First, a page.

Aller au sommaire de ce numéro de Tanbou/Tambour, Été 2005

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Reflections on Haiti’s Development: Are Haitians unable to control themselves or has history taken its course?

—by Razulu

I

n the 17th century, England found itself in the worst possible conditions. It was plagued by theft, corruption, misery, and hunger. During that period countries weren’t analyzed based on how technologically advanced they were; it was the amount of accumulated gold and military prowess rather than the level of scientific research that determined the wealth of a nation. The English dealt with this problem by seeking and creating new colonies which became slave colonies that created an economic outlet for both industrial expansion and political expansion around the world. Slavery served as an economic structure for England, America and other European countries like France. On the other hand a developing country today is subject to a higher level of competition; for example, technologically, the world has changed tremendously, the research level is highly sophisticated. It allows more productivity in the industries as well as the sciences which have increased modern abilities of fighting diseases and hunger.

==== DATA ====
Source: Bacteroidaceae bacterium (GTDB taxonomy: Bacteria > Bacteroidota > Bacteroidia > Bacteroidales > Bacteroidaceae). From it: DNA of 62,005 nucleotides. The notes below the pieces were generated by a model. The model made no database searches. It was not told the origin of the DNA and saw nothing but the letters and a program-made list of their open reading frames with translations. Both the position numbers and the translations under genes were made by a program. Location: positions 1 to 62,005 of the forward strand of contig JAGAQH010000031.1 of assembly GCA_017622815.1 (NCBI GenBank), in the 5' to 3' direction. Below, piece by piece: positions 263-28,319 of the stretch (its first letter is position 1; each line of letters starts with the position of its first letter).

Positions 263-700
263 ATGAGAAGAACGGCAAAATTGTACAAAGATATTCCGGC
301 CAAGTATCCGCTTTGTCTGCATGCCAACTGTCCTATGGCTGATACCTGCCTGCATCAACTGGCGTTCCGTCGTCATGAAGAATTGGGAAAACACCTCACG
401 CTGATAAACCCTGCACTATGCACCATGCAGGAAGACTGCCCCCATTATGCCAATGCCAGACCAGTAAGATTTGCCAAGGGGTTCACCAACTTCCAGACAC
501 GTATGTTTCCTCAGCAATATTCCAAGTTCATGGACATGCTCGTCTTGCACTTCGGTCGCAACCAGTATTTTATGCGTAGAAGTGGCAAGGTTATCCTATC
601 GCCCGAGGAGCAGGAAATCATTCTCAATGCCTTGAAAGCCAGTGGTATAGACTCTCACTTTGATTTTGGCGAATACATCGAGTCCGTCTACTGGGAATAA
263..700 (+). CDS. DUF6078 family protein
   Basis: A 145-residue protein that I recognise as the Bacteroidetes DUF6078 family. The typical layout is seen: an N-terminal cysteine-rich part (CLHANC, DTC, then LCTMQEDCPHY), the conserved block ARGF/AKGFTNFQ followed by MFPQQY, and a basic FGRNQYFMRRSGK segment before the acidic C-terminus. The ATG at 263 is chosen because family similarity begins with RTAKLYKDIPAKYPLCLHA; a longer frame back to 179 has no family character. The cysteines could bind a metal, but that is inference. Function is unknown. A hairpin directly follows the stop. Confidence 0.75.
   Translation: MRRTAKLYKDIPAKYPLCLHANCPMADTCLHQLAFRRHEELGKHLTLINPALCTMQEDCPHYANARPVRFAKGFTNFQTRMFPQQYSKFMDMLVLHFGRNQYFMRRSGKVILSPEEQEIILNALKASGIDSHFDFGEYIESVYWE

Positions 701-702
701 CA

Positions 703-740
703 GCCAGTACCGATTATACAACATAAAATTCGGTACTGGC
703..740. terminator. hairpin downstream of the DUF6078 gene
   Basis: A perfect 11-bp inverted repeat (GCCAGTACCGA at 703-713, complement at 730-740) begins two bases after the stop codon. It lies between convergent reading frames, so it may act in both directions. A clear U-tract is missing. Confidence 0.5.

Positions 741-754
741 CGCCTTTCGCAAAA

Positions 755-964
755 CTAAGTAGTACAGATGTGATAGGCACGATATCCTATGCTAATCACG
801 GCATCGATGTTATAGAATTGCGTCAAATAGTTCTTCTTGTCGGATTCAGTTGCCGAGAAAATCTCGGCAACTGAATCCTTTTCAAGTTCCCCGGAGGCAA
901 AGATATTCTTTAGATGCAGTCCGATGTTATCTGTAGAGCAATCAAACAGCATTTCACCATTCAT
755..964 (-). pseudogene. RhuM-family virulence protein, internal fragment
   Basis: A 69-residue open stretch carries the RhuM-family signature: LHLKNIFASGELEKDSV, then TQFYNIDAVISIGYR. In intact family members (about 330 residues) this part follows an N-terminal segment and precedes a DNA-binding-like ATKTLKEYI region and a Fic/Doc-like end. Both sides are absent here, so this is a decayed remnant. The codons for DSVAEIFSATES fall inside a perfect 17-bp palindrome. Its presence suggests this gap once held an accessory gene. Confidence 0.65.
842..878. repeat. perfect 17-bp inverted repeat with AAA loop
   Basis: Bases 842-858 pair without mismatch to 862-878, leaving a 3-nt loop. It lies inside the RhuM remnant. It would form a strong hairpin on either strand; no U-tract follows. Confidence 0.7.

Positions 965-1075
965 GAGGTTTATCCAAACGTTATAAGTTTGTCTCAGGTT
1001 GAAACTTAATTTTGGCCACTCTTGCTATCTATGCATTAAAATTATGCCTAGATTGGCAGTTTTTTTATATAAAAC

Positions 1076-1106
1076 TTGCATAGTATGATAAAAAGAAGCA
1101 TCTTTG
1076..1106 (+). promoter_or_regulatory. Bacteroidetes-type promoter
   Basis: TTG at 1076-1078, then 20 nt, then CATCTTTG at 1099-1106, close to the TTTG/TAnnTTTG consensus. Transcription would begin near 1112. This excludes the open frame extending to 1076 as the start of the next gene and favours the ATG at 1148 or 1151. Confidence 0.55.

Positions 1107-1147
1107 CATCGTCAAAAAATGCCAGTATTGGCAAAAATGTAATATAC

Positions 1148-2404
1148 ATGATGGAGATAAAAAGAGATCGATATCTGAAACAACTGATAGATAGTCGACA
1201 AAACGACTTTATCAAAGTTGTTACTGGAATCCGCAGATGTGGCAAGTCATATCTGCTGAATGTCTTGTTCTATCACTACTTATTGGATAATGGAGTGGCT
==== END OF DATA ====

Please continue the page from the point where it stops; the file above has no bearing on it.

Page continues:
Haiti is in a position where it needs to conduct massive national reforms on all levels; something which has never been done since its independence because of instability, lack of national cohesion and corruption. We can’t look at Haiti today and decide that it should have been better, what kind of structure was there for it to follow? Haiti is not an isolated case, it should be noted that many of the countries that are considered powerful today endured a similar lack of infrastructure in the beginning; most countries, even today, are continuously fighting corruption at the governmental as well as the public level. It is rather obvious that corruption is something that is ubiquitous; if it is present in developed countries with the means to combat impunity, imagine the role that it would play in a country like Haiti dominated by chaos and insecurity.

Haiti is dealing with problems that Japan, England, France dealt with many centuries ago before modern America was even conceived let along become a powerful nation. To understand Haiti, we need to understand and scrutinize how countries develop; rather than emphasizing on the ex-colonies in Africa, Latin America, the Caribbean etc. We should study how the big powers progressed from the very stage of chaos to being developed. In other words, we should study development from an economic, social as well as historical perspective. That will help us realize that Haiti is not an isolated case; it will also show that Haiti has the same potential as other countries to develop into a strong nation.